Japanese Rice Farmer (plate #15A) by Willy Seiler
(etching)

Back of Japanese Rice Farmer (plate #15) by Willy Seiler
(etching)

Seiler issued his print designs in two distinct editions.  The main edition would be printed in black or sepia ink, whereas the other one would be a smaller edition hand-colored with watercolor.  (Color variants of the colored states are known to exist.)   The size of the edition (labeled “pieces” ) generally would be printed on the back of etching.  The back of the etching would also list a “plate number.”  Some dealers have confused this with the print number within the stated edition.  Seiler, however, did not individually number his prints.  Rather, this plate number operated as a code or catalog number for the print design.  Thus, plate number “15” is unique to all the “Japanese Rice Farmer” etchings, rather than suggesting that the print is #15/180.  The print itself originally would have been originally issued in a folder that also bore the number “15.”  It is not uncommon, however, to find a particular etching mistakenly stored in folder for a completely different design.   The use of the “A” suffix after the plate number (e.g., “15A”) indicates that the etching was hand-colored.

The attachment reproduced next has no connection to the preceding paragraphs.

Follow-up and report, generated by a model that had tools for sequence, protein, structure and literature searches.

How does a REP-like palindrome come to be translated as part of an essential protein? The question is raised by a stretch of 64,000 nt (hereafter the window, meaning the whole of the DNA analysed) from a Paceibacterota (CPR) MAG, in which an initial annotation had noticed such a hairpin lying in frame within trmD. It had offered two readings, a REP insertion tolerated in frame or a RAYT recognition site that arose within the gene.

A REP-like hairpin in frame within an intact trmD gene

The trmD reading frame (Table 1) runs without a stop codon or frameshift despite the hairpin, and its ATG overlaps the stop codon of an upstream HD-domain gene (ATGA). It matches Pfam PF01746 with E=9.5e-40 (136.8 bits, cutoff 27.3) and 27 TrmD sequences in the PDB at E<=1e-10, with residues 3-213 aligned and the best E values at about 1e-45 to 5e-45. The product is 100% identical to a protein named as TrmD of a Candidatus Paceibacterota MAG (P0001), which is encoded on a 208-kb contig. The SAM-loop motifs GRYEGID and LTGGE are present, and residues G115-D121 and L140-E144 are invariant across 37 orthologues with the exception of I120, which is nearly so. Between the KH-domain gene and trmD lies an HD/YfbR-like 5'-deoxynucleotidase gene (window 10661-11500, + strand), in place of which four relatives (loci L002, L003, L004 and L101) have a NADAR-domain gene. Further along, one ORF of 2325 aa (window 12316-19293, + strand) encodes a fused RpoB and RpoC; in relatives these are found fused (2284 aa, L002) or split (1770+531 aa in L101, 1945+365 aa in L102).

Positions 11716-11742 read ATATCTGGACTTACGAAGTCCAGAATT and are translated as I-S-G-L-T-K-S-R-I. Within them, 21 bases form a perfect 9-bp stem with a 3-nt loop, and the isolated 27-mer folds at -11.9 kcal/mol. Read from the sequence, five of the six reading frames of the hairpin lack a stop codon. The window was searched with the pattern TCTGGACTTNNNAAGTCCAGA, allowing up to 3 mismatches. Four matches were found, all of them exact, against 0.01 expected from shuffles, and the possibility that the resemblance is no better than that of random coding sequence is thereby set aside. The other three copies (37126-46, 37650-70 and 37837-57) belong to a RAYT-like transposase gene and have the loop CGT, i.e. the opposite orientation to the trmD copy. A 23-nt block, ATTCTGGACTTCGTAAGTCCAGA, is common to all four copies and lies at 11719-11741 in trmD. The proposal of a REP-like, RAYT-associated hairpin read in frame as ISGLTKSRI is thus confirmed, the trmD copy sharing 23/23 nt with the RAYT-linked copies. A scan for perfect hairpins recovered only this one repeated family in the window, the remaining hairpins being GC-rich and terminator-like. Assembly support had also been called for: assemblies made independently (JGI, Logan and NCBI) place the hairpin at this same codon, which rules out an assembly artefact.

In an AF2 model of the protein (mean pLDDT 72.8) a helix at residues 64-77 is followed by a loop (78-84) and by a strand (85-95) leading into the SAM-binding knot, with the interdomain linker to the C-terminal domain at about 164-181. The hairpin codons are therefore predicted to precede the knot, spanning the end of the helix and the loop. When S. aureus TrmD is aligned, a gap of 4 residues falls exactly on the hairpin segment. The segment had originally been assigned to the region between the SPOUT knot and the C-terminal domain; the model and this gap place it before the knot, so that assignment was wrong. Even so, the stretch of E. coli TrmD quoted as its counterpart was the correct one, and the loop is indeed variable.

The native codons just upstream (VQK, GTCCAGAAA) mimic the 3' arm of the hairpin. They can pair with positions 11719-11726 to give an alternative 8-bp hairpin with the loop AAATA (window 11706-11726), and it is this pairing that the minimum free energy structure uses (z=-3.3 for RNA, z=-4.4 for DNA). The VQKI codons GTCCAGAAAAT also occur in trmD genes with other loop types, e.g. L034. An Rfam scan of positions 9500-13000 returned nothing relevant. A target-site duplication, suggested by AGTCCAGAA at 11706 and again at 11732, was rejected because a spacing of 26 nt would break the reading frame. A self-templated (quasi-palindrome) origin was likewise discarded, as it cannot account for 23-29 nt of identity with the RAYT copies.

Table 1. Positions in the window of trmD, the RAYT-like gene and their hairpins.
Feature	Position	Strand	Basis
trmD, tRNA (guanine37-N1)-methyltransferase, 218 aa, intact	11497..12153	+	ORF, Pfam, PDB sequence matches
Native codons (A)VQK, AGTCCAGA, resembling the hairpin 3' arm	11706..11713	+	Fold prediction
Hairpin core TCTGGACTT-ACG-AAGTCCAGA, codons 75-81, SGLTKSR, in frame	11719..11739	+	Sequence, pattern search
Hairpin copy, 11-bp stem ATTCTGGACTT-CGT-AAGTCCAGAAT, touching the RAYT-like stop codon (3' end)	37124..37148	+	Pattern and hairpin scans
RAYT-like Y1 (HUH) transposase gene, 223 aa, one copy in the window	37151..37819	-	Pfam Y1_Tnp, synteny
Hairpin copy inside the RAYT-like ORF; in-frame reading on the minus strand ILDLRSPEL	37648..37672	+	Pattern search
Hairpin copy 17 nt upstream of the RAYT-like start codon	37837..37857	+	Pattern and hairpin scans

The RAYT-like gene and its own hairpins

Original folder for Rice Threshing (plate #17) by Willy Seiler
Courtesy of Artelino.com
(folder and etching)

All of Seiler’s etchings bearing a plate number below 100 are in a standard size of 12.5” x 15.25” (or 15.25” x 12.5”).  Seiler’s etchings which are smaller are generally not numbered and their edition size is unknown at present, but extent folders for such prints are labeled with plate numbers above 100.  Many of these smaller etchings were issued as holiday greeting cards or as calendar prints.  Seiler also produced a series of postcard sets featuring reduced versions of his commercial etchings.

[Trees by Riverbank] (c. 1953) by Willy Seiler
Personal Collection
(calendar etching)

Little is currently known about Seiler’s private life.  Merrill Holmes has uncovered a passenger list from November 1933 indicating that he had a wife named Maritte, from Dresden, whose occupation was listed as a landscape artist.  (In contrast, Seiler's occupation at that time was listed as a portrait artist.)  His wife gave birth to a daughter, Anita, in Japan in 1933.  There is another Seiler named Rudolph, who exact relationship (if any) to Seiler is not known at this time.  Both Anita and Rudolph produced color etchings of their own.  Willy Seiler was a pet fancier (three dogs and a cat) and a fan of movies.  He also played bridge and raised chickens.